Arts Craft Arts

Feature Artist: Kelsey Schissel

Dinnerware, wine glasses and air planter. Kelsey Schissel, artist

By Gina Malone

Pottery is all about process: placing careful, knowing and intuitive hands on clay. “It starts with wedging the clay, and ends when the piece comes out of the glaze kiln,” says Kelsey Schissel of Plays in Mud Pottery. “At any point in between, it could break.” As her business name indicates, Schissel has learned to have fun with what she does, while at the same time creating imaginative, high-quality pieces. “As a ceramic artist, I have to let go of any expectations of a finished piece until it actually comes out of the kiln,” Schissel says. “Expectations lead to disappointments. To center clay, it all starts with a deep breath and letting go of the outside world and being here now.”

Signature Bubble Vase. Kelsey Schissel, artist

Schissel grew up in Wilkes County, the daughter of Margo Hurd, a bereavement counselor for Hospice of Wilkes, and master chairmaker and blacksmith Lyle Wheeler. She was 11 years old and helping her father set up at a craft show in Banner Elk when she found her calling. “North Carolina heritage potters Glenn and Lula Bolick were there demonstrating on a kick wheel outside,” says Schissel. “I was captivated. I watched for hours that day, and eventually Lula asked if I would like to touch the pot she was working on. I was so excited. I sat up on the stool and reached out and slid my finger across the piece and it was like my soul became electrified. I knew I wanted to make pottery. Ever since then, I have worked to create that life for myself.”

Highlights in her career include earning a BFA from UNC Asheville, setting up her first studio in 2004, establishing Plays in Mud Pottery in 2009 and becoming a member of Southern Highland Craft Guild in 2012. She opened her new gallery and studio space in West Asheville this year and will host a grand opening celebration on Saturday, November 20, from noon to 5 p.m.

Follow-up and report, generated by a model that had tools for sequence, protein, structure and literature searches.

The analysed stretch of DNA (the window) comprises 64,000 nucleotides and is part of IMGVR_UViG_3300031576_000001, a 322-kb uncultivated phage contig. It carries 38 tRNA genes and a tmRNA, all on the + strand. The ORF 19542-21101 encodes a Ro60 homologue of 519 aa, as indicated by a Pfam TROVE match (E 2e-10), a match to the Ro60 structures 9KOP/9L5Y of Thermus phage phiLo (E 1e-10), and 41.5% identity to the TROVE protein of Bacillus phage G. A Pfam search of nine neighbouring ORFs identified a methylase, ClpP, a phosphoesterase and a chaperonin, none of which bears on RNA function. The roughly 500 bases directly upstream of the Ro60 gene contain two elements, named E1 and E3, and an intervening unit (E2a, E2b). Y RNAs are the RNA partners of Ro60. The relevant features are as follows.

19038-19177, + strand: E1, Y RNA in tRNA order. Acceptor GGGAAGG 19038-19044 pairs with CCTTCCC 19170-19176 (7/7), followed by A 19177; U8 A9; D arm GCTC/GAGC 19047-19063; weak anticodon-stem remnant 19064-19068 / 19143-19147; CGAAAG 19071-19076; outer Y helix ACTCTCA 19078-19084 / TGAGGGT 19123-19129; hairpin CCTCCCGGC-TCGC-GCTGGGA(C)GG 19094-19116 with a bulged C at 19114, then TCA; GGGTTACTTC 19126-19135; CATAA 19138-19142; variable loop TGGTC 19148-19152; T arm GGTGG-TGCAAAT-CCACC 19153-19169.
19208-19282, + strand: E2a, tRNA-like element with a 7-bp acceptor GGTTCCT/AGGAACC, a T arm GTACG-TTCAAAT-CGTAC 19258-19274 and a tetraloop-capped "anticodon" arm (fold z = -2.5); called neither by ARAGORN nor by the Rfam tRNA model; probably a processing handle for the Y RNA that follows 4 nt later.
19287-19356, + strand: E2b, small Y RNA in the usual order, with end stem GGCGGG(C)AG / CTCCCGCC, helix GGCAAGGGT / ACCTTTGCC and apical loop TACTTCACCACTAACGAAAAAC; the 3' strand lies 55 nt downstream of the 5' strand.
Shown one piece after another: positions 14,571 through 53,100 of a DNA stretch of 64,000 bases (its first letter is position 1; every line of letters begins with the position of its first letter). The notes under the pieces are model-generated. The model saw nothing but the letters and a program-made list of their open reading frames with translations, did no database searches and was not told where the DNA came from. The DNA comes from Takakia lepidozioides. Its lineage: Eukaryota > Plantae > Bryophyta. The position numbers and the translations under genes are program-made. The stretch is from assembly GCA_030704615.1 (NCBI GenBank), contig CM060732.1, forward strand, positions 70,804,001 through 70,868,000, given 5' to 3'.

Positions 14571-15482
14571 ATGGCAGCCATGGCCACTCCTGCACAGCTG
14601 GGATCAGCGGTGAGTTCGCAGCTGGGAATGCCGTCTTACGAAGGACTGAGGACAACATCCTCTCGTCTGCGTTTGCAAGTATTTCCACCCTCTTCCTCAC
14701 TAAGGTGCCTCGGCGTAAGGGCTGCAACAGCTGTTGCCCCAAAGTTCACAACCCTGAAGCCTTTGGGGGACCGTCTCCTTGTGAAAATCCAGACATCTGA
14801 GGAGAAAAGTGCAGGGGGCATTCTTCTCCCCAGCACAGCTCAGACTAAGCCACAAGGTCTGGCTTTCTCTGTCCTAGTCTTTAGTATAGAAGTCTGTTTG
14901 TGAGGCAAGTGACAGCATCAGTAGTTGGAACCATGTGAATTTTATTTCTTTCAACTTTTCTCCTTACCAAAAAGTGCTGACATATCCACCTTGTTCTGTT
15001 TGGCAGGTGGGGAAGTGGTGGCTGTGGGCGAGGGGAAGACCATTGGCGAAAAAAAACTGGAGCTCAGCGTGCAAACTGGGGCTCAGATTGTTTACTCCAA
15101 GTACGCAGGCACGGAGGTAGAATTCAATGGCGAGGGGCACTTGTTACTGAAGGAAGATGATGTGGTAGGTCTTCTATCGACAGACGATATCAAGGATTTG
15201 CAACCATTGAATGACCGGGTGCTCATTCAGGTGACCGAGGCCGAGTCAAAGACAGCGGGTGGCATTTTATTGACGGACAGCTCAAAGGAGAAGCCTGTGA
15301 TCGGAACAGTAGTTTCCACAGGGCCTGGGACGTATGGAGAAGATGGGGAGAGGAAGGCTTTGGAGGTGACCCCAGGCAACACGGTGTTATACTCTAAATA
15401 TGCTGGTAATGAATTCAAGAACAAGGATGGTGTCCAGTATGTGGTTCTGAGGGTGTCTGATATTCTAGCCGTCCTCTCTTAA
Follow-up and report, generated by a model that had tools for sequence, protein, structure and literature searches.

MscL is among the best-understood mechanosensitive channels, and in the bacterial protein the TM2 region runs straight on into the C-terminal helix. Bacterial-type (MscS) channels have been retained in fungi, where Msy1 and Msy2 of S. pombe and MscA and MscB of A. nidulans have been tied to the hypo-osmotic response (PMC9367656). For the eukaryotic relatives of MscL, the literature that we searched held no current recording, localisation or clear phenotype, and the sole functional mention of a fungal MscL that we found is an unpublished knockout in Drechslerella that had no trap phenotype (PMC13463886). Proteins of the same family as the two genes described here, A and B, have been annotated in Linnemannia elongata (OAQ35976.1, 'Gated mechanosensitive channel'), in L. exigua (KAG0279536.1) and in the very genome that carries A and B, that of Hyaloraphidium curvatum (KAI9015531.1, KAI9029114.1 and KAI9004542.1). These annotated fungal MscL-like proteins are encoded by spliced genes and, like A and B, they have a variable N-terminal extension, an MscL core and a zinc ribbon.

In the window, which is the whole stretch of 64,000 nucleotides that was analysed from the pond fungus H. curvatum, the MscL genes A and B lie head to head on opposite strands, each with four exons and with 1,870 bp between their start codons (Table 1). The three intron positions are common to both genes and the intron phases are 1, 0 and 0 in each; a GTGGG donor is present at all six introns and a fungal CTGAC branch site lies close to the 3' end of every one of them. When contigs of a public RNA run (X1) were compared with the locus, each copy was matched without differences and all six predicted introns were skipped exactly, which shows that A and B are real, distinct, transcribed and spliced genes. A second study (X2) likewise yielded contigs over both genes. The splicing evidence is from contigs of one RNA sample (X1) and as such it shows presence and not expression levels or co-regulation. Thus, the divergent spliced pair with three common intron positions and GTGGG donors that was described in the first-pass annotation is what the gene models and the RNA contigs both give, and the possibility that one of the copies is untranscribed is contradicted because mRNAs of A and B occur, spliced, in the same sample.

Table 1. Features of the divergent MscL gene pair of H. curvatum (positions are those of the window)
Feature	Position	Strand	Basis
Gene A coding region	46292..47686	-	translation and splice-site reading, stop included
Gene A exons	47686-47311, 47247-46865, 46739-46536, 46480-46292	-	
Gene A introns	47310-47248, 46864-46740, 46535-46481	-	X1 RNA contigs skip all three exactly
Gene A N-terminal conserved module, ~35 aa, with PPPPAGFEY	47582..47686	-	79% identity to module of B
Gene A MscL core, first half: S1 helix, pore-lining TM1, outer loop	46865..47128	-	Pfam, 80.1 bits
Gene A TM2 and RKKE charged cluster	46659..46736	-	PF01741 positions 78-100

Schissel’s design process is uncomplicated: “I actually go for a hike,” she says. “I look at shadows, leaves, growth, movement in nature.” She found a recent hike on a new trail especially inspirational. “I saw the forest floor covered in ferns, but instead of being green and lush they were in the process of changing color for the impending winter,” says Schissel. “They were this golden, burnt umber color that was deep and intense with lighter edges. It reminded me of feathers. I sat lost in the imagination of thousands of feathers waving in the breeze with a canopy of green from the trees above. There was something about the movement of the fronds that drew my attention and inspired me. It’s difficult to put into words, but I use those movements in my pottery when drawing out a new vase.” With images in her mind, she gives her imagination free rein. “I turn things around, flip them upside down in my mind and combine them together with the idea of creating a new vase from a simple vertical line,” says Schissel. “I play with balance. Eventually, I will do a line sketch. To anyone else, it looks like a simple line, but to me it is a vase or mug or pattern.”

The pieces she creates—many of them glazed in the blues and greens of nature—are unique and functional. She mixes all of her own glazes. Her process involves throwing pieces on the wheel and then decorating their surfaces with small handmade stamps. “I decorate the surface of the pot one stamp at a time,” she says. “Once it’s decorated, I bisque fire it, glaze it and fire it again. From the beginning drawing to the finished piece, some of my signature collection pieces take months to complete.”

Travel mugs. Kelsey Schissel, artist

Schissel also holds classes for those interested in “playing in mud” themselves. The BYOB pottery classes are designed for beginners, with the next starting on Saturday, November 27, and running for four weeks. “Students will be able to make Christmas gifts,” says Schissel. Next year’s classes begin in February.

Besides in her own gallery and studio, Schissel’s pottery is available at regional galleries and shops including Mountain Made, Appalachian Craft Center, Southern Highland Craft Guild’s Folk Art Center, Heather Davis Studio + Gallery and Black Mountain Blooms.

To learn more, visit or call 828.225.4063. Plays in Mud Pottery is open Monday, Friday, Saturday and Sunday from noon to 8 p.m., with appointments available on Thursday. Find Plays in Mud on Facebook, Twitter, Instagram and Pinterest at playsinmud. The first ten visitors to the gallery each hour during the grand opening on November 20 receive a free Plays in Mud Pottery wine glass. Plays in Mud Pottery is located at 735C Haywood Road in West Asheville.

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